It is unlikely that powdery mildew prevented your lilac from blooming. We did have a late frost or two that may have killed those buds before they opened. Or perhaps you pruned your lilac at the wrong time of year. Lilacs bloom from buds produced the previous season. This is often referred to as blooming on old wood. Plants that bloom on old wood should be pruned as soon as they finish flowering to avoid removing mature flower buds. Finally, if you applied a fertilizer too high in nitrogen, it may have caused your lilac to put on vegetative growth at the expense of flowering.

Q. It seems to me that many professional products for lawn care are more effective than the ones available for home use. Since those products are not all restricted use, why aren't they available to home gardeners?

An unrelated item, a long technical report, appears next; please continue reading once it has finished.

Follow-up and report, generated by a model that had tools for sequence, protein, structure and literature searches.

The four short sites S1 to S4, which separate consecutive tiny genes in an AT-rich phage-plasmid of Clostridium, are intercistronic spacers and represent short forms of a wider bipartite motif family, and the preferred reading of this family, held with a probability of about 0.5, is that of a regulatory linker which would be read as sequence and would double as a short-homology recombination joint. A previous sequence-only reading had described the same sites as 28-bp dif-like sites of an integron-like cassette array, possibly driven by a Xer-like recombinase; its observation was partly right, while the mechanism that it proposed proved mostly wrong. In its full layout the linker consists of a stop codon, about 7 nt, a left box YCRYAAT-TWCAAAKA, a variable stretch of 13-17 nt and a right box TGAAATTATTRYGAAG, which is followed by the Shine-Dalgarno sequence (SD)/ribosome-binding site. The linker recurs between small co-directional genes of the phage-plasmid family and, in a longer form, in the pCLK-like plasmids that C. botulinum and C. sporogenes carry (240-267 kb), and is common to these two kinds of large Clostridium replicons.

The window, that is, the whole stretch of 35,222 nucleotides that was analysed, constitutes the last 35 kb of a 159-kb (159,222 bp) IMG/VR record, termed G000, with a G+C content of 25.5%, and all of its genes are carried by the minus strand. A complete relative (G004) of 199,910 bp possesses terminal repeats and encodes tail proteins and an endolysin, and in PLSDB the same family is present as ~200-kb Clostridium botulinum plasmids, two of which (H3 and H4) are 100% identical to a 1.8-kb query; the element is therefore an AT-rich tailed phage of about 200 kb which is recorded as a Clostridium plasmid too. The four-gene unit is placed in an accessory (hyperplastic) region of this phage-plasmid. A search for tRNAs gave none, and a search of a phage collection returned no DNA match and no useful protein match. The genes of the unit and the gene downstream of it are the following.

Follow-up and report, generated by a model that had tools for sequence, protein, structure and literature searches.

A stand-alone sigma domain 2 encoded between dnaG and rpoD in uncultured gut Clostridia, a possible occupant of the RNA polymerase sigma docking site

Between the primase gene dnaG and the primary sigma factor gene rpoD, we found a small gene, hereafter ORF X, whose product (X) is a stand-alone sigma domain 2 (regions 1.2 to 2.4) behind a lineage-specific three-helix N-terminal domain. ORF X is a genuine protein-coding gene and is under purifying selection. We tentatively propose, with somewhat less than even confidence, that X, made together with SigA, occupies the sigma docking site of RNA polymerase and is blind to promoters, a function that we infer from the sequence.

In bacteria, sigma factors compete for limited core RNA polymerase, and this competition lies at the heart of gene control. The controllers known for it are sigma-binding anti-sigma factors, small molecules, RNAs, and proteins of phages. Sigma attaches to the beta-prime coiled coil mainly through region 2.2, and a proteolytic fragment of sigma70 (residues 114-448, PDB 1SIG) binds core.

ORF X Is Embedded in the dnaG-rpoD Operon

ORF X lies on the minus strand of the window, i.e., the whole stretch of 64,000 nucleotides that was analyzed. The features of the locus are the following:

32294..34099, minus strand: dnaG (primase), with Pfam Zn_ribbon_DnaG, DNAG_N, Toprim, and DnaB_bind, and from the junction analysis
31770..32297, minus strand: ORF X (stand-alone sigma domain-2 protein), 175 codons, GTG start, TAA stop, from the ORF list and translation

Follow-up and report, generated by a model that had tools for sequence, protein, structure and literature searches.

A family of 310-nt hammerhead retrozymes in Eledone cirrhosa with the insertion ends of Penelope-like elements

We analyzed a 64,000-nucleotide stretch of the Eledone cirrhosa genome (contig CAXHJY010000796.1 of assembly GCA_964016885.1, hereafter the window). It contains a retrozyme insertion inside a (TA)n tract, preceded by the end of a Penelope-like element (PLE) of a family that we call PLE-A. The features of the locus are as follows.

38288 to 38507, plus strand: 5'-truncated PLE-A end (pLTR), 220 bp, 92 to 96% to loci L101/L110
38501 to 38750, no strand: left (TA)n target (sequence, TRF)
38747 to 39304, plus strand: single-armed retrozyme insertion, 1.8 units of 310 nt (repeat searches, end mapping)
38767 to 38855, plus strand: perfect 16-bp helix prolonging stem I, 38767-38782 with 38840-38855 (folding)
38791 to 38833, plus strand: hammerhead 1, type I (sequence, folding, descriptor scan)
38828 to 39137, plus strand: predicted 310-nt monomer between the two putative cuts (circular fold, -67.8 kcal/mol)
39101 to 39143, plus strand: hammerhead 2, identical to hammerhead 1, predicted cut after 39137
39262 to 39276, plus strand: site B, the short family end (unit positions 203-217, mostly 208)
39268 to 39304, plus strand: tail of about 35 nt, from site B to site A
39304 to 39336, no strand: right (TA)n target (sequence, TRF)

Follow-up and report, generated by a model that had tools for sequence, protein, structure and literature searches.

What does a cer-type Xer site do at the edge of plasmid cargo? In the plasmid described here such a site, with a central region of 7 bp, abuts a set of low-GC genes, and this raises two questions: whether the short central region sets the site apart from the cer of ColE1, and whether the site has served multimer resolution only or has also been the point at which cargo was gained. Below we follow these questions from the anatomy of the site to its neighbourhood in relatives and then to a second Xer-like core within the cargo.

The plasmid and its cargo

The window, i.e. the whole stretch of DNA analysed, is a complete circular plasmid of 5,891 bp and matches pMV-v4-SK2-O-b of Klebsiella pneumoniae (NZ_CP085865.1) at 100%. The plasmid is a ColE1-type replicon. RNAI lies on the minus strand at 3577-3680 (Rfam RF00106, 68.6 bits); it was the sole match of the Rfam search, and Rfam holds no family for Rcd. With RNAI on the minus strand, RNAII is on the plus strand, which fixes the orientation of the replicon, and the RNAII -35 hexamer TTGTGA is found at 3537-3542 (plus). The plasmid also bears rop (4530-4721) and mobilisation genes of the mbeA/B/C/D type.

A. Professional-use products are usually stronger than those available to home gardeners. This makes the concentrated form more dangerous to handle when mixing. You must have the appropriate safety equipment -- goggles, chemical-resistant aprons, gloves, clothing and boots -- to work with these products.

A big reason that many of these products are not available for home use is that the equipment home gardeners use to apply pesticides is not as precise as that used by lawn-care professionals. Many products, especially some of the newer ones, have very low use rates. The equipment home gardeners use is not exact enough to apply products at very low rates. Overapplication of these products can damage your lawn; expose you, your family and neighbors to dangerous levels of products that are safe when used as directed; and pollute the environment.